We previously wrote an entire guide on audit preparation so we won't take a terribly deep dive today. However, to get you started, some of the areas you should focus on include:

  • Organized Record-Keeping: Thoroughly and systematically keeping meticulous records prevents gaps in financial data, including backing up your digital record-keeping regularly.
  • Regular Documentation: Routine documentation efforts ensure all financial transactions and control activities are captured correctly and are readily available for audit purposes. This includes detailing the transactions as well as the rationale behind key decisions.
  • Segregation of Duties: This fundamental control involves separating responsibilities within financial processes—e.g., disbursements, reconciliations, and record reviews—across different individuals or departments to mitigate the risk of errors or fraud.
  • Standard Operating Procedures (SOPs): Clearly defined SOPs help maintain consistency in handling financial transactions and responses to discrepancies, making auditing more straightforward.
  • Routine Checks and Balances: Regular internal reviews and reconciliations act as preliminary audits; they ensure ongoing adherence to financial policies and early detection of irregularities, thereby reducing last-minute corrections during formal audits.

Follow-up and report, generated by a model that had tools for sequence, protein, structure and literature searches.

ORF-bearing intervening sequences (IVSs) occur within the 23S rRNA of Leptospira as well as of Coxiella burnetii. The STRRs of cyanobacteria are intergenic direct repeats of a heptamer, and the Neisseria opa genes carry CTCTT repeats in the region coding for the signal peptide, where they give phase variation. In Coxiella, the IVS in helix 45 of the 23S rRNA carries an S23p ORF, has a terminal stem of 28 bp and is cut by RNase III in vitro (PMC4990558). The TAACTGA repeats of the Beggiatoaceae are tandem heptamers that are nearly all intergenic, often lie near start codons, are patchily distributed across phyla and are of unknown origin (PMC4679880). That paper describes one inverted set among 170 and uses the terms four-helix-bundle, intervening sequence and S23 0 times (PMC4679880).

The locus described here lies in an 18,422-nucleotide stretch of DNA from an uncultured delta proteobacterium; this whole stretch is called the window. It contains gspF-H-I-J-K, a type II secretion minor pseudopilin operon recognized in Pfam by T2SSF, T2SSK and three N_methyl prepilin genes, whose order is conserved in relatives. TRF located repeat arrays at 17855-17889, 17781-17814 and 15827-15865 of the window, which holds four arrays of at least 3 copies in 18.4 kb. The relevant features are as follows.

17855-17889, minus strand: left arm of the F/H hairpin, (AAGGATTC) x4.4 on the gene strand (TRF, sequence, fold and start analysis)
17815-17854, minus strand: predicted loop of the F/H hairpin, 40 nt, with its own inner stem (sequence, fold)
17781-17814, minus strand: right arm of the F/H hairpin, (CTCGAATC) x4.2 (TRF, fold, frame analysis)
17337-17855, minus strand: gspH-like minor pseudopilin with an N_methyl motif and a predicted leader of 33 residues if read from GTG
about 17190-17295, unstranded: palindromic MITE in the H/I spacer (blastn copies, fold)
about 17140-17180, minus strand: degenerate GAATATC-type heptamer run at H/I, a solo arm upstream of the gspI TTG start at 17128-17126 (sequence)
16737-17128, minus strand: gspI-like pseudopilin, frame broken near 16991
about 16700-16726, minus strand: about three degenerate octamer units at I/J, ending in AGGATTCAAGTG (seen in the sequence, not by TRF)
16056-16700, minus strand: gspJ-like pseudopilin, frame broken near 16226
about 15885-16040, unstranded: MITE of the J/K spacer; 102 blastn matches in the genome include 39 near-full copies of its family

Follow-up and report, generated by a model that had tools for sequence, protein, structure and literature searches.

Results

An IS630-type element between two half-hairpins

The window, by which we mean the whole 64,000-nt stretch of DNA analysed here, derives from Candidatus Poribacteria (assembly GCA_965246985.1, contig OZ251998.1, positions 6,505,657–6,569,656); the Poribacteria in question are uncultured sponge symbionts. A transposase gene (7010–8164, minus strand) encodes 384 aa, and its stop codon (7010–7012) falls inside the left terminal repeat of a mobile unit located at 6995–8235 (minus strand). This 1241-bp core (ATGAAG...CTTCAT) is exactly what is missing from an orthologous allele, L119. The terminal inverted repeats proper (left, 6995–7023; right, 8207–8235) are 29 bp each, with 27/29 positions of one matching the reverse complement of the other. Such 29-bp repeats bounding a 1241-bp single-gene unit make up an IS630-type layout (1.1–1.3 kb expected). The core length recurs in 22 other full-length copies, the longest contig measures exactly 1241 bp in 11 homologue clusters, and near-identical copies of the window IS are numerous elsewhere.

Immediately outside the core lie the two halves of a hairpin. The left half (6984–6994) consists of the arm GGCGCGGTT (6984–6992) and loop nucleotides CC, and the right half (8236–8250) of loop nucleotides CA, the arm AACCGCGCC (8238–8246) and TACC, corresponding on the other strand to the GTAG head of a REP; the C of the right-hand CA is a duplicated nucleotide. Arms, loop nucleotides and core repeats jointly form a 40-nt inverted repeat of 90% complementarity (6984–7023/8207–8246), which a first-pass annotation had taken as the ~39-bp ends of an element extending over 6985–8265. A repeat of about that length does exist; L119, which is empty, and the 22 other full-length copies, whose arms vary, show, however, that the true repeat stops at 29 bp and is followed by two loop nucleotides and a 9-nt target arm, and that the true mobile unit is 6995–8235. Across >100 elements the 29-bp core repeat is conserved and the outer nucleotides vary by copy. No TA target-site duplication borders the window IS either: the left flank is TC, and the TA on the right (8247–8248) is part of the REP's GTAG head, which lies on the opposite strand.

Ultimately, truly effective audit preparation involves meticulous accounting work and management of financial records, serving both as a compliance measure and a strategic asset. And yet too many healthcare organizations still leave all of those strategic benefits on the table.

Partner With Specialists

Granted, the best practices and solutions we’ve discussed so far don’t necessarily address the entire cavalcade of challenges we covered earlier. For those areas where a new accounting system, automation, or soothsaying FP&A can’t fill the void, partnering with the right team of specialists just might be a lifesaver.

Want to trim your month-end close process down to a week? Implement a new ERP to drive better decision-making? Or take a deep due diligence dive into a potential acquisition target? Chances are, these types of needs—and a thousand others—are outside your in-house team’s area of expertise. Therefore, finding the right partner is essential in helping you reach such objectives.

That’s what makes Embark such an ace-in-the-hole for healthcare organizations, combining industry experience with practical expertise across operations. Whether you need an interim controller who actually understands healthcare, help with ESG compliance, accounting guidance, or just to straighten out your data environment, Embark’s team is ready, willing, and able to lead the way. So let’s talk and see what we can do for your operations—you’ll be glad you did.